glue is an extremely versatile natural pine sap based adhesive
that has been used from pre-history to modern times by various
cultures across the world. Mainly composed of rendered pine sap,
ground plant fibers, and powdered charcoal in specific
proportions, this glue is easy to apply and has numerous
uses. Just to name a few, its applications can include
attaching and hafting stone projectiles and blades to
shafts/handles, illumination and fire starting, waterproofing
basketry, holding together woodcrafts, and even
sealing seams on birch bark canoes.
pitch glue sticks have just the right amount of everything;
this creates a 'not to brittle but not too soft' glob of glue on a
stick that is easy to store and use whenever desired. For
instance, if used properly with sinew reinforcement for arrow
point attachment, chances are that the shaft or point will break
before the glue fails. You can find this natural adhesive and
others in our Glues,
Hafting, and Pigments product category.
author of this article and GoKnapping shall not be liable for
any injury, loss or damage, direct or consequential, arising out
of the use or inability to use the information on this
To use for your project:
Simply apply a task specific amount of heat to the end of the ball
of glue to manipulate as needed. If you hold over a flame for very
long at all, the glue can be dripped onto your project and quickly
molded to form, or you can simply apply a small amount of heat and
form a pliable ball to use for hafting/attaching points and blades
with or without the added strength of sinew. Experiment with it
yourself and see what works best for your project. Over
heated pitch can burn your skin so be very cautious when touching
Storage and display:
First and foremost, any storage of raw glue or projects
incorporating this glue should not be stored in direct sunlight,
or any environment that gets hot or even warm for extended amounts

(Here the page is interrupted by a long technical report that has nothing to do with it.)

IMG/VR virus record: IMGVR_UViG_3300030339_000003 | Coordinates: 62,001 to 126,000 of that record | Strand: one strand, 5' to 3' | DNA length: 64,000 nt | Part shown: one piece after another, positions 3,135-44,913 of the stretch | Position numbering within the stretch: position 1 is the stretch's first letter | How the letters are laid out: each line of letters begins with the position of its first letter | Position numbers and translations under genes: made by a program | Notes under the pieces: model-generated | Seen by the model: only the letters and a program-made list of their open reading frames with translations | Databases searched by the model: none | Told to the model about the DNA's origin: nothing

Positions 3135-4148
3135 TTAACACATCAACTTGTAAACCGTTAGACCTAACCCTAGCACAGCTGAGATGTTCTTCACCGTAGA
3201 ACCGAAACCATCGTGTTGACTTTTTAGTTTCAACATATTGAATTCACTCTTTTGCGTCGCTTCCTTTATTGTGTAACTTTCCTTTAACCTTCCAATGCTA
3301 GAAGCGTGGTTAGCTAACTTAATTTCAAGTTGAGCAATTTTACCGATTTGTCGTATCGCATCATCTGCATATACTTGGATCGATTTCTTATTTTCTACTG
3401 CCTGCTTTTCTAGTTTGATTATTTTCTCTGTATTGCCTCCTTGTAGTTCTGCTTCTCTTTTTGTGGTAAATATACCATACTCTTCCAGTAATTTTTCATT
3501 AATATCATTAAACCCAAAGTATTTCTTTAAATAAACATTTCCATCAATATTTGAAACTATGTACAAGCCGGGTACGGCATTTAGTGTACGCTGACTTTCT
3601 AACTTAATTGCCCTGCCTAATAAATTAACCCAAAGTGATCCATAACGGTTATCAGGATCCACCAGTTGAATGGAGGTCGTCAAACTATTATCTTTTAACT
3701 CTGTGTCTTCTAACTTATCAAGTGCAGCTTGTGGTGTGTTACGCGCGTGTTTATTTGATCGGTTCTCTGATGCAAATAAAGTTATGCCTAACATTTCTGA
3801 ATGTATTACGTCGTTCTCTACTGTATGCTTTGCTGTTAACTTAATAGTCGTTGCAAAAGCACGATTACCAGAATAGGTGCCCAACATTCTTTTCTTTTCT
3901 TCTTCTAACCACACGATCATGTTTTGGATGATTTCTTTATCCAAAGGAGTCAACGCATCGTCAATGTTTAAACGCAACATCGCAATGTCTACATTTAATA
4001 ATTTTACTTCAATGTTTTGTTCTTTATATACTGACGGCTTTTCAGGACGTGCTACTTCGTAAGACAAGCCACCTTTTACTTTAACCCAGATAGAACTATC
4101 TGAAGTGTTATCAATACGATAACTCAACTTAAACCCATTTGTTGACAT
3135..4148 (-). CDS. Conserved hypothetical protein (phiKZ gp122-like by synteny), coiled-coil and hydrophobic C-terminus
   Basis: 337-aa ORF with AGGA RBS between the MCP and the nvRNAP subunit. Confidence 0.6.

of time. For example, leaving your pitch glue in an un-air
conditioned car is asking for an unpleasant situation. It is best
to keep sealed in a dark cool environment.
some tips that can help you get the most out of your pine pitch
It is best to do any pine pitch glue project
in a well ventilated area and over a table top covered in
newspaper or wax paper for easy clean up.
hobby/craft propane or butane torch that can sit flat on a table
is a great source for hands free heat. Have it on a low
setting to avoid scorching the glue. If the glue ever ignites at
all, extinguish immediately by removing it from the heat
source. Having a cup of water nearby is a good
Heating gradually, then removing a wad of glue
and forming it into a thin bead may work better for your task than
using the ball on a stick directly.
If you make a
mistake, simply apply heat to the piece and in most situations you
can start over. Like any glue, it can get messy. Having some
turpentine handy when doing your project will insure that clean up
is relatively easy.
It helps if not only the glue is warm,
but the pieces being glued are warm as well. Gluing an arrow
point onto a shaft should involve heating the shaft slightly, and
glue, then the glued point on the shaft. You can then quickly wrap
sinew into the soft glue to add strength. This also applies to
knives and other blade/shaft/handle combinations.
masking areas that should not be glued with masking
To give your project an ancient look, try dusting the
glue while still tacky in dried dirt or small bits of gravel.
Experiment as you would like to get the best results for your
Copyright 2015 Elliot Collins